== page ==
Had any of these companies gone to a private sector bank to raise capital, their requests would have been rejected outright. In comparison, the SME platform is cheaper and easier to crack, which explains why a glut of companies is cashing in on this trend. But it is difficult to believe that any of these companies could have gotten the valuation they have unless there was some nexus between promoters and intermediaries, with the latter being ready to sell an issue for a premium in return for quick money for their clients. Case in point: JLA Infra, which owns the little-known e-commerce website Infraville, raised ₹2 crore after incurring issue expenses of ₹38 lakh (20% of the issue size) on a sales turnover of ₹9 lakh and profit of ₹1.5 lakh. The company, which was launched in 2013, now wants to venture into the real estate business. 

Illiquidity rules

Very often, once the initial listing phase of about a month is over, the stocks for a majority of companies becomes illiquid, which is a good sign for punters to speculate and play around with the share price, say experts. That apart, low float makes many of these companies susceptible to speculation. Almost 70% of stocks on the BSE SME platform do not see any trade. On a typical day, the BSE SME index witnesses a total turnover of about ₹20 crore, which is a mere 4% of the turnover of the BSE Small-Cap Index. 

To deal with this disparity, the exchanges have mandated the appointment of a market maker for each listed company on the SME platform. The role of the market maker is to provide liquidity within a 6-10% price band, facilitating easy entry and exit for investors. However, despite — and due to — the presence of a market maker, the scope for speculation is high. “Punters and speculators often enter a scrip and rig the price to their advantage by using low liquidity to their benefit,” says Ajay Kejriwal, director at Choice Equity, which holds the market-making mandate for about 17 SME companies.

Ajay Kejriwal, Choice EquityKejriwal adds that taking advantage of low liquidity, speculators can keep pushing a stock higher by hitting the upper circuit for prolonged periods of time. “We are helpless and have nothing to do with these speculative runs. If the market wants to take a stock higher, we can do nothing but provide the requisite number of shares,” says Suresh Kumar Saraf, CEO, Bindal Equities, which is the market maker for GCM Capital Advisors. Once a market maker has exhausted its holding in the company, it will have no control and buyers might continue to push the price higher. The market maker makes its money on the spread, which may or may not be in its favour.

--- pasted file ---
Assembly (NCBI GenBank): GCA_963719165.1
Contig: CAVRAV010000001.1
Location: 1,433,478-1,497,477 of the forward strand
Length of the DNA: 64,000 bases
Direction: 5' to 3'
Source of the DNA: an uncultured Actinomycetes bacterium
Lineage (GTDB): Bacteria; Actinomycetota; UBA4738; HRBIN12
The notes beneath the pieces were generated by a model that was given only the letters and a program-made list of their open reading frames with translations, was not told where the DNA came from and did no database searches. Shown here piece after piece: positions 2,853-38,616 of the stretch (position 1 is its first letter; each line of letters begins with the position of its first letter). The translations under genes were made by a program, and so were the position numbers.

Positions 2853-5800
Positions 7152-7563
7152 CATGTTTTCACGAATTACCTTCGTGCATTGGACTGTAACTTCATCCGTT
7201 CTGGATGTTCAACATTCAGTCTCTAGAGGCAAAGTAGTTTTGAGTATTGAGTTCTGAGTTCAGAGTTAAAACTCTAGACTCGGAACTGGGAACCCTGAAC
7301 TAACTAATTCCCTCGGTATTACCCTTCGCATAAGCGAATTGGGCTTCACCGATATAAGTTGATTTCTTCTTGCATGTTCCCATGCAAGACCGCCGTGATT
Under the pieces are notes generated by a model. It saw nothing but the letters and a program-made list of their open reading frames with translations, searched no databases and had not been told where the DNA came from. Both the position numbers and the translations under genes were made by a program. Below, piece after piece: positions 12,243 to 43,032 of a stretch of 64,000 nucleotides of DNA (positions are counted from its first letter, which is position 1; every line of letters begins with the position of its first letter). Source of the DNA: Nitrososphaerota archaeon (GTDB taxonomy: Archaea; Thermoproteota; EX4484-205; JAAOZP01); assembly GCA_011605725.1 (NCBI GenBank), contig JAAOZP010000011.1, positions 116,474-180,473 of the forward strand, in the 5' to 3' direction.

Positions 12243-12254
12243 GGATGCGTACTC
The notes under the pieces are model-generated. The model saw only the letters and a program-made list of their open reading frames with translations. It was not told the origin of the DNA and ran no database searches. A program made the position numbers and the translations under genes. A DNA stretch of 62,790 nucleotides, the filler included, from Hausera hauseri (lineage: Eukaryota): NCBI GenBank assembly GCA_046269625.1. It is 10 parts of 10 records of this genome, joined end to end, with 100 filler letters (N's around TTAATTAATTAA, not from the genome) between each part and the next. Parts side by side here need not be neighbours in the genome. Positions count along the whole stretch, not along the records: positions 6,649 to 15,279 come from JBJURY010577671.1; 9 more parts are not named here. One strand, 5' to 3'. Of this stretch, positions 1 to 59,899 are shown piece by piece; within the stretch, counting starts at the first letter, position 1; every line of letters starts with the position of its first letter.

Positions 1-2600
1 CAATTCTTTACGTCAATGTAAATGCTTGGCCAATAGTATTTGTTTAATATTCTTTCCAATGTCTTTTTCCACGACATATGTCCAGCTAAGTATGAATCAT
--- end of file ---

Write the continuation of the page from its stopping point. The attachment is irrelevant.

In the end, even the market makers are appointed by merchant bankers, who, in turn, work for the issuers for a fee. What stops the promoters and market makers from playing around with prices, then? “Though we are not aware of any such cases, there is nothing that can stop promoters and market makers from getting together to speculate,” says Kejriwal. However, BSE, in an emailed response to the illiquidity observation, points out that most shareholders are investors who may not be frequent traders. “Assuming an investor holds the stock on average for five years, you might get 20 trades in a year and, hence, the need for market makers who stay on for the first three years of the company getting listed.” 

It’s black, it’s white

Though the regulator has cracked down on the four companies for suspected money laundering and unearthed the modus operandi that involved price manipulation, there are instances that show an unusual price pattern. If one were to exclude the four banned entities and scan through the other 82 companies, there are stocks that have seen a sharp spike and then a sudden drop. Of the 82 companies that account for over ₹4,000 crore market cap, the share price pattern of two companies that account for 35% (₹1,370 crore) of the total market cap makes for unusual reading. Sunstar Realty, which got listed in March 2013, saw its share price zoom from ₹2 a share to ₹42.6 by December 10, 2014, a gain of 2,030%, and then dropped sharply to ₹24 within 15 days. In other words, anyone who sold at the peak would have booked huge long-term capital gains. At ₹42, it was a ₹1,000-crore company on a sales turnover of ₹17 crore.